The Jinhae Cherry Blossom Festival: What to Know For 2021
Every spring, South Korea has an event called the Jinhae Cherry Blossom Festival. Millions of people from all over the country and the world travel to witness the beautiful blooms for themselves. A few sites or local areas host their own cherry blossom festivals. But, the one out of Jinhae in the South Gyeongsang Province (a.k.a. the Gunhangje Cherry Blossom Festival) is the largest.
However, the Coronavirus pandemic really changed many aspects of events. For 2020, the organizers canceled the event and many other local festivals for the safety of the public, and it is, unfortunately, similar for 2021. At the end of the day, it seems to be up to the municipalities of each region. Some local festivals have limited attendance, but even with these changes, many are still traveling to see the cherry blossoms.
The Gunhangje Cherry Blossom Festival
This festival really started as a memorial service for Naval Admiral Yi Sun-sin. He was most known for his victories in the Imjin War during the Joseon Dynasty and the turtle ship. Eventually, his memorial service turned into the cherry blossom festival. It’s still located around the naval base in this area today and happens around the Military Band and Honour Guard Festival. Due to the dates of both festivals, the military band is able to give performances for the festival-goers as they walk through the cherry blossoms.
The cherry blossom festival lasts up to 10 days with food, music, and other fun things to enjoy. It surely is a sight to see. There are many areas to see the blossoms, but some major areas of interest are Gyeonghwa Station and Yeojwacheon Stream. Apparently, these areas in the region are quite pretty, which makes them the perfect place for great pictures.
Some treats to try that are only available during the festival are cherry blossom ice cream and cherry blossom treats. Many vendors sell these food items, so when the area opens back up again for the next festival these treats should be a must-have.
As for the actual date of the festival, it is said to usually happen in early April. Though, if you just want to see the blooms they are usually ready before the festival. In 2011 and the year after, the cherry blossoms bloomed in early April. Now, the cherry blossoms bloom 15 days faster in 3-5 days compared to a decade before. Apparently, the cherry blossoms bloomed in mid-March since 2013 due to a warmer climate. When it is safe to travel again, you can go by train or bus while in the country.
What’s the Big Deal?
There are many cherry blossom festivals across Asia, not just in South Korea. For instance, Japan has many known cherry blossom festivals (hanami) and cherry blossom trees to visit. It’s also an important custom for them where they can view the blooms or even have picnics with friends and family. In Japan, there are cherry blossom trees (sakura) that bloom at different times across the country, so local festivals depend more on the timing of the blooms.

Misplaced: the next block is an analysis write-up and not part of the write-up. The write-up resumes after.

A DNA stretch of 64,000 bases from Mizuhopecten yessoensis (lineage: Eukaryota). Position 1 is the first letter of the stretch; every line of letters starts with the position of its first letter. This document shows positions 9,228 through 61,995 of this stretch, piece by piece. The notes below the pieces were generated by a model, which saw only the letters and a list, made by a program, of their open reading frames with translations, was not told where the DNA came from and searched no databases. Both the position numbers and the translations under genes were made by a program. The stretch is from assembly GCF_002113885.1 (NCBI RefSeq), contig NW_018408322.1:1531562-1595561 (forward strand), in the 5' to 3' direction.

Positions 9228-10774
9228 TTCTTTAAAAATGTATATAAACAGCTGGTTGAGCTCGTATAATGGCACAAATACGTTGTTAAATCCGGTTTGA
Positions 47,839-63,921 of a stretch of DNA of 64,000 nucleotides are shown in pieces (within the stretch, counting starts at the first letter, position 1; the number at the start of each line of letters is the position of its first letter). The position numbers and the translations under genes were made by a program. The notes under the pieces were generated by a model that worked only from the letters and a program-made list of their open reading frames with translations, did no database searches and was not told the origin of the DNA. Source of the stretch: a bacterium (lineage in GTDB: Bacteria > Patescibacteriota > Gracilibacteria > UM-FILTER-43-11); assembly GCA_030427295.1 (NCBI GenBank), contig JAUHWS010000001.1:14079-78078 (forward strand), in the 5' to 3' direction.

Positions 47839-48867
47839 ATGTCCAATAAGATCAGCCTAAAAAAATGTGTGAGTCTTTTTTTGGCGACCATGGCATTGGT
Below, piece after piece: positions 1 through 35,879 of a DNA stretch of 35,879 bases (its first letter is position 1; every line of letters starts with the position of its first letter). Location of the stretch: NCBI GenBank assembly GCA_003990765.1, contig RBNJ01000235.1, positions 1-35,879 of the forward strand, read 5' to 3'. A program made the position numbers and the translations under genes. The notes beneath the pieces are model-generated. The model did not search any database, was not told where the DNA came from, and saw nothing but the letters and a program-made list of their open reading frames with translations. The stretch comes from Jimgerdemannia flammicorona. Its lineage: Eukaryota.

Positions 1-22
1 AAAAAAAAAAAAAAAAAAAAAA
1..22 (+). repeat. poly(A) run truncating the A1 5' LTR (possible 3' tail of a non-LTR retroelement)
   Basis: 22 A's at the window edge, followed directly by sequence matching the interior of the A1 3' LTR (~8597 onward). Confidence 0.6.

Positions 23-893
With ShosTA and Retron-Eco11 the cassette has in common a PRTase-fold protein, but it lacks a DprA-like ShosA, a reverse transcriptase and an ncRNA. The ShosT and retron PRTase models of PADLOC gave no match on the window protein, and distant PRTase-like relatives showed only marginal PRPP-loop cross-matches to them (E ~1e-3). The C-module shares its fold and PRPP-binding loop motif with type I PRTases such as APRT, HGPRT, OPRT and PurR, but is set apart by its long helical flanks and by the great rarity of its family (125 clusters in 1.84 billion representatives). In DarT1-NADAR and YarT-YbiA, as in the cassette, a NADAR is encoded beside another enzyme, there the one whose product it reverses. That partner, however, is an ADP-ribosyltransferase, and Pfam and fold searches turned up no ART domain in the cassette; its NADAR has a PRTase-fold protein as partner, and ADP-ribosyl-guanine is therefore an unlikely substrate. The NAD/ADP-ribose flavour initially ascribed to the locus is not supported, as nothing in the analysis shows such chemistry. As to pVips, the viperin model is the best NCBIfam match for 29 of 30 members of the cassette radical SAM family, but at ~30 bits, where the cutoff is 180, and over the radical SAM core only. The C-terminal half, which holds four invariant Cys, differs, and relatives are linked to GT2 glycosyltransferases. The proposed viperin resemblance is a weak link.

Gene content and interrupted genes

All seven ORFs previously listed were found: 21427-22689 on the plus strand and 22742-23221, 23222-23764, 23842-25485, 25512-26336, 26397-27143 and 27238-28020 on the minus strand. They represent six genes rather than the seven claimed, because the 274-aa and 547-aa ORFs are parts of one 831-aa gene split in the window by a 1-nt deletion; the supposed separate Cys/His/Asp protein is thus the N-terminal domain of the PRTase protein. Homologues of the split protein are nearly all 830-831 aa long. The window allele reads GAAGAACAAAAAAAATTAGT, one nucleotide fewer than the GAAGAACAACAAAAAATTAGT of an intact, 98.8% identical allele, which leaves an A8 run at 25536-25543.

I would say that what makes South Korea’s Jinhae Gunhangje Festival unique is the origin and meaning. It is said that in Japan, hanami began more than 1,000 years ago. Apparently, aristocrats would view and enjoy the blossoms and write poems about them, which began the tradition. The picnics in Japan would then turn into fun festivities in the evening since sake is usually a part of the day.
However, the meaning of sakura is a bit deeper than picnics. It is said that since sakura blooms last only two weeks, they symbolize the idea that nothing lasts forever. In Japanese, this means “mono no aware.” This is apparently the reason why sakura are depicted in a lot of art.
I think the point is that each country has its own unique history and culture. Even though a country has a similar springtime festival to another, it could express a very different experience. For example, the Jinhae Cherry Blossom Festival has a lot of rich history to learn about, especially if you are not from there. When things open after the pandemic, festivals like this will be a great way to experience authentic Korean food, culture, and to get awesome pictures and memories.
What to Expect for Future Festivals
It seems to be a given that this year is very different from the past years in regard to events. Hopefully, the future will be better with open festivals and events. With the duration of the pandemic, it may be safe to say that most of 2021 will stay the same. Meaning, there may be more online, limited, or canceled events. Though, I do think that the next few years will look more optimistic.